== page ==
During a recent conversation with Stupid Ranger (who, despite the moniker, is a highly intelligent person), the topic of social contracts for gaming groups emerged. Such contracts set clear expectations about how players should behave at the gaming table, and by signing them, players agree to abide by those expectations. While these contracts are not a new concept – a definitive post on the topic appeared on Treasure Tables three years ago, and the earliest online reference to the term I found was dated 2001 – I noted that no version of the Dungeon Master’s Guide had ever identified such an agreement as a dungeon master’s tool, and inexperienced DMs may consider drafting one for the purposes of improving the play experience for everyone.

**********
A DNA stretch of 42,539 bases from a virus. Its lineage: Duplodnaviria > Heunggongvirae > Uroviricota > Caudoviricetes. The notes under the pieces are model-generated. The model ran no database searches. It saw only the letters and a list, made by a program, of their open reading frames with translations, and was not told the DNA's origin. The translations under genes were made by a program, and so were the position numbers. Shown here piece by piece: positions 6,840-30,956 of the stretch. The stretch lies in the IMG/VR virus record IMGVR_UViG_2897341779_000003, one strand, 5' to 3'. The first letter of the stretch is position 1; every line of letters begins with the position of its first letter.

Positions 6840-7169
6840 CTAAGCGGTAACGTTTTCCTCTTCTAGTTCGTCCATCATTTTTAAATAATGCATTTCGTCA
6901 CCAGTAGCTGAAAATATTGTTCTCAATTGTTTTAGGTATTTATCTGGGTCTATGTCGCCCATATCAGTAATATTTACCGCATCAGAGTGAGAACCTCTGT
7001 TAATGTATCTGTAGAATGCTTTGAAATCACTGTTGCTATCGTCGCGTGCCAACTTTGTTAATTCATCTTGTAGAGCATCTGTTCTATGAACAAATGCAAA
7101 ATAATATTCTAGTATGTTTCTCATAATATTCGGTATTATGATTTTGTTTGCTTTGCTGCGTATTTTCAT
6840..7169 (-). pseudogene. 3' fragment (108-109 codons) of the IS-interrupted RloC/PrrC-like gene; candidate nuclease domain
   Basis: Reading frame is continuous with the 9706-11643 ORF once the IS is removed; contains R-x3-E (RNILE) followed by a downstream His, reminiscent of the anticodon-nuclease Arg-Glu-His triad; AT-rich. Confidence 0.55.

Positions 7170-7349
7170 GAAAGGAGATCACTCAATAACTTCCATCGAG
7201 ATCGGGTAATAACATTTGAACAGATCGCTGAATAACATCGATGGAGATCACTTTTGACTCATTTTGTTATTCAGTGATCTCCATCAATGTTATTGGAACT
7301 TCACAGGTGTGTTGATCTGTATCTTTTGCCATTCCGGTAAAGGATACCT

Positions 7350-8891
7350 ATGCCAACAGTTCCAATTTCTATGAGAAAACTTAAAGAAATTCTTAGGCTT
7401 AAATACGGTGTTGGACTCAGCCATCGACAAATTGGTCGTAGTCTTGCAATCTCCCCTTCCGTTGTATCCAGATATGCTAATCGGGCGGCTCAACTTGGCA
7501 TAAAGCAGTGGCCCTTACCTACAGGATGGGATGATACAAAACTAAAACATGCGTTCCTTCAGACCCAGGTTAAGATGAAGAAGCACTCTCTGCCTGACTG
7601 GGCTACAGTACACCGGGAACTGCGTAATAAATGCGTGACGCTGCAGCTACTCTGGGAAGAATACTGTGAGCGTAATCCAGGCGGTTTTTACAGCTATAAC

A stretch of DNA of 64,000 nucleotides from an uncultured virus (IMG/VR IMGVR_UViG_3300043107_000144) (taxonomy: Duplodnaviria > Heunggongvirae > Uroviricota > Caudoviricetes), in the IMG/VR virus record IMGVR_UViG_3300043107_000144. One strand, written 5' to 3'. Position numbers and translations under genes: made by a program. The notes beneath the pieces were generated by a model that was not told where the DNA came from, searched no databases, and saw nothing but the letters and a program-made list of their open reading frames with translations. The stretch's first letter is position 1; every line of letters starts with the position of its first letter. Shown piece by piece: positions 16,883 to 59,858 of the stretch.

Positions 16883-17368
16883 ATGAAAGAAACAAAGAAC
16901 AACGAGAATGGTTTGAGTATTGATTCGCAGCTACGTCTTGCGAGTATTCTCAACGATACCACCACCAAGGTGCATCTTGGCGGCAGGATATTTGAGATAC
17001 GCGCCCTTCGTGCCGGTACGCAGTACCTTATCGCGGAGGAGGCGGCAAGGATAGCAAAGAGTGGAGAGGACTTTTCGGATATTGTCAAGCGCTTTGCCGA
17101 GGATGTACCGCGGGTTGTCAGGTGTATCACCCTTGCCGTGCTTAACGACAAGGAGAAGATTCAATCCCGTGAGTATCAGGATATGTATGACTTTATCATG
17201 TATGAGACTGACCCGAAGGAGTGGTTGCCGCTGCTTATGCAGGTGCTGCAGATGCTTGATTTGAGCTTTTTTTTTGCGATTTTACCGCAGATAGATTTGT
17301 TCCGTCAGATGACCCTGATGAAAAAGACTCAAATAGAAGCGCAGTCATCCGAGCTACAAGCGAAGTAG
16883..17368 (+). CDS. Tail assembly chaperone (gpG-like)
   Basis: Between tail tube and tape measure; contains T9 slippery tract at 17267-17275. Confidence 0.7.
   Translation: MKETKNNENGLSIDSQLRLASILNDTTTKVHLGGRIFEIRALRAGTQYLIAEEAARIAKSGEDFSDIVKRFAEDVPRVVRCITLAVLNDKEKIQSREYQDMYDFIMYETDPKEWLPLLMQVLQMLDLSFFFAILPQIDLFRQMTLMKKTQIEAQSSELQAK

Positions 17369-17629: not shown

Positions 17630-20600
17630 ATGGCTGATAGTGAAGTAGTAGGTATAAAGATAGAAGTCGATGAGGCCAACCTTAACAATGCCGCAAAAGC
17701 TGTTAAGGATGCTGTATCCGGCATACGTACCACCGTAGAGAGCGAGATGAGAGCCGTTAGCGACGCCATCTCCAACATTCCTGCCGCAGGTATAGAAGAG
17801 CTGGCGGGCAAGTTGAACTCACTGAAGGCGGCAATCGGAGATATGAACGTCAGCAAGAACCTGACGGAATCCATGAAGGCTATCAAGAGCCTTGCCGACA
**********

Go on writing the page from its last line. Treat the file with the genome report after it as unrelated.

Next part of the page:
Group composition is a key element in determining if a formal social contract is necessary. Many groups are composed of family members and close friends; relationships of that sort are well-established, and tend to have higher levels of personal acceptance, easier communication, and higher tolerance between players. For such groups, these close relationships can naturally address most play aspects a social contract would cover on an as-needed basis, so specifically writing out how people should behave during the game may not be necessary. Continue reading